In the teeny-tiny village of Joshua Tree, California, population 7,000, there are more than 200 vacation rentals on Airbnb. Travelers can also rent a vacation getaway through VRBO and HomeAway, or “camp” on someone else’s property through HipCamp. Just this month, a new option for the tech-minded traveler popped up there: small pods that nature-lovers can rent that include access to outdoor showers and a communal kitchen.
Joshua Tree has always attracted tourists because it borders the magnificent Joshua Tree National Park. But in the age of Airbnb, it’s starting to feel overrun by visitors. And it’s not alone: It’s become so easy to find a place to stay in once remote small towns that permanent residents are feeling overwhelmed by the influx. The successful adoption of share economy start-ups has made it too easy for the tourism economy to grow to scales that small towns can’t support.
In recent years, visitors to Joshua Tree National Park have soared, and last year the number of visitors hit a record high, surging by more than 27 percent to over 2 million.
“The short-term rental market is out of control right now,” said Mark Lundquist, the local field representative for the village from the San Bernardino County government. Lundquist believes the sharing economy has contributed in part to the influx of visitors. Whereas before visitors might have been forced to find a new vacation destination if all the local hotels had booked up, now admirers of the region’s famous stark landscape have a bevy of alternatives.
Over the past year, Lundquist told me, feeding that demand has put a strain on local resources. The local home buyers’ market has all but dried up as property owners put their places on short-term rental sites instead of up for sale. Long-term rental units are scant. Perhaps worst of all, it’s starting to feel like a tourist town.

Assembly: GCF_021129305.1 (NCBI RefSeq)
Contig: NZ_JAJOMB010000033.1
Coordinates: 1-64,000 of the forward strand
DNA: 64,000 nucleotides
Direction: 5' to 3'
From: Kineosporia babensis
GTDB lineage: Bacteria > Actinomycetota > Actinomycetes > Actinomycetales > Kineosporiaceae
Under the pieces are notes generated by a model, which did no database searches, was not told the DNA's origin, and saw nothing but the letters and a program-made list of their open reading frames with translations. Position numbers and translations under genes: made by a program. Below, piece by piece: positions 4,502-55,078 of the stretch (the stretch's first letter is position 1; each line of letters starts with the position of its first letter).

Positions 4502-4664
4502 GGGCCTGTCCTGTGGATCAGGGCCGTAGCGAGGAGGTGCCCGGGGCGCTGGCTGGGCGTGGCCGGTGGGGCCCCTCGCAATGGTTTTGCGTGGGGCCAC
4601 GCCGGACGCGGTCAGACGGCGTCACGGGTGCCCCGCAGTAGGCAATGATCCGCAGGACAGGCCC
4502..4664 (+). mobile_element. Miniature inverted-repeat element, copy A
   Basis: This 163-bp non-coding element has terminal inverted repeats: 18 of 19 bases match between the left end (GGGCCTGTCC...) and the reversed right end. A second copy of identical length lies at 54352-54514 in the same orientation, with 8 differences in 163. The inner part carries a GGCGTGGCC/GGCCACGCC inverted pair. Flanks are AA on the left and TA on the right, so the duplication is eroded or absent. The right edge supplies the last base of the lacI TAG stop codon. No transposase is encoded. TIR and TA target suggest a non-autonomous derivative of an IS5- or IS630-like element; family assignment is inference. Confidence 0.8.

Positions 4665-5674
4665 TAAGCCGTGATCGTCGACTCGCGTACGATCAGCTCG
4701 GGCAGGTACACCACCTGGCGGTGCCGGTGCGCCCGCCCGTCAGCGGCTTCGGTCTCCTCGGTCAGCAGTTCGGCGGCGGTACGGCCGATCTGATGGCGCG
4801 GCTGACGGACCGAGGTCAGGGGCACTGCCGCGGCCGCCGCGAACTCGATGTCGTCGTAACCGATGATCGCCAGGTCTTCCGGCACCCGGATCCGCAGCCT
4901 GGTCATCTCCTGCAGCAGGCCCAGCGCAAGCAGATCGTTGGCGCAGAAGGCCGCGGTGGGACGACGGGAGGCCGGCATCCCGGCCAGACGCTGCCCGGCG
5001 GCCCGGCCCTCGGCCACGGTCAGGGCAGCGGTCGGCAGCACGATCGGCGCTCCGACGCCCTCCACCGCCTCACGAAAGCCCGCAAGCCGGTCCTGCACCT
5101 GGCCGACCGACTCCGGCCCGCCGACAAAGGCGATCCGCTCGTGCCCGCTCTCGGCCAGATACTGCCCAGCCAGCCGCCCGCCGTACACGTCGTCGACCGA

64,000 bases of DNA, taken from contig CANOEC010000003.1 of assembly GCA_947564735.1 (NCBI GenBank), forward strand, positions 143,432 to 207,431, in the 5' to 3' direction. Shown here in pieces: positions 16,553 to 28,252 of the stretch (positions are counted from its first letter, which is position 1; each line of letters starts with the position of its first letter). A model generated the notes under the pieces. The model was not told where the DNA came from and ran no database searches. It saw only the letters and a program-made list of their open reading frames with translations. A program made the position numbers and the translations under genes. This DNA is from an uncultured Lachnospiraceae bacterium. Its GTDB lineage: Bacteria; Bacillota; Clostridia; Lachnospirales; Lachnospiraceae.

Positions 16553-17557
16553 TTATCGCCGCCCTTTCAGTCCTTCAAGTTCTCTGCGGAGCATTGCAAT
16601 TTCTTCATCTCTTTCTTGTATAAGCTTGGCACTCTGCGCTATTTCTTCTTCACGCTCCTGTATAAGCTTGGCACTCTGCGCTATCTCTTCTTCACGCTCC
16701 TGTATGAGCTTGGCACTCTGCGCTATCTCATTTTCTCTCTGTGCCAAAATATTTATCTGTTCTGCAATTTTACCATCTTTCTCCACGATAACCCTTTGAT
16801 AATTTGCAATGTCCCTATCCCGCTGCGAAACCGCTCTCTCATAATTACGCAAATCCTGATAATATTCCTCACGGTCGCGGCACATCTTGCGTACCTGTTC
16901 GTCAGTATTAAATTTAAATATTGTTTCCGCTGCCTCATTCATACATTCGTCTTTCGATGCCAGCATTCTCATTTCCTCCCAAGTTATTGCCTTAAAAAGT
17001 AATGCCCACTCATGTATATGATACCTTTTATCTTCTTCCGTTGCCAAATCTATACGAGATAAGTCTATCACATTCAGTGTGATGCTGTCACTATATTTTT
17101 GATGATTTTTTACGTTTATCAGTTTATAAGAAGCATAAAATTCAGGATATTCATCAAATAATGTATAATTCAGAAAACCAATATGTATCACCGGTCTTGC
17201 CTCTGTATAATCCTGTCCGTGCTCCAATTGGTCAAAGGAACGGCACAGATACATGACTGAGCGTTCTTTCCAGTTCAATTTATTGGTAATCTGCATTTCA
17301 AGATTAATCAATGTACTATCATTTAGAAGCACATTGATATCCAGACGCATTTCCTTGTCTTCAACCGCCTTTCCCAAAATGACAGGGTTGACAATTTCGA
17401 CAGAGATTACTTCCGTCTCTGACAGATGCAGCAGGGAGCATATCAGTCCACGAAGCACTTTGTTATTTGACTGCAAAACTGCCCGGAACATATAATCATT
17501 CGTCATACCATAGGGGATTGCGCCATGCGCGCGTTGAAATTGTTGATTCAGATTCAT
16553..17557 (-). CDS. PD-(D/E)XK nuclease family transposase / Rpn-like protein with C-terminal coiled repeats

And in Joshua Tree, it’s not even peak tourism season—that isn’t until the fall.
Many words have been written about how sharing economy cities are changing major cities. But sometimes technology’s biggest impact occurs in the places farthest from our minds, in places like Joshua Tree for which the scale of startups like Airbnb was never really intended.
“Tourism is good for the locals as far as the dollars coming in,” Lundquist told me. “But there is a break even point. It’s causing us infrastructure shortfalls and it’s costing us a lot of money. It comes to a point where tourism becomes a loser.”
In Joshua Tree, there are simply more visitors than belong.
In May, I worked with the technologist and Airbnb data guru Tom Slee to investigate Airbnb’s effect on the small Icelandic capital of Reykjavik. In Reykjavik, which has a population of 120,000, five percent of the local rental market now belongs to Airbnb. It has made finding a place to live there next to impossible.
Since then, both Slee and I have heard from even smaller communities reeling from the impact of sharing economy startups. In coastal Lincoln County, Oregon, population 46,000, Slee’s data crawl of the Airbnb website found 435 vacation rentals available through the site. While that number may not seem shocking on its face, it’s had a sizable impact. For one, that’s nearly as many listings as areas many times its size, like Savannah, Georgia with a population of 140,000. And, in a rural area where most people own their homes, it accounts for a significant percentage of the few thousand units otherwise available to rent.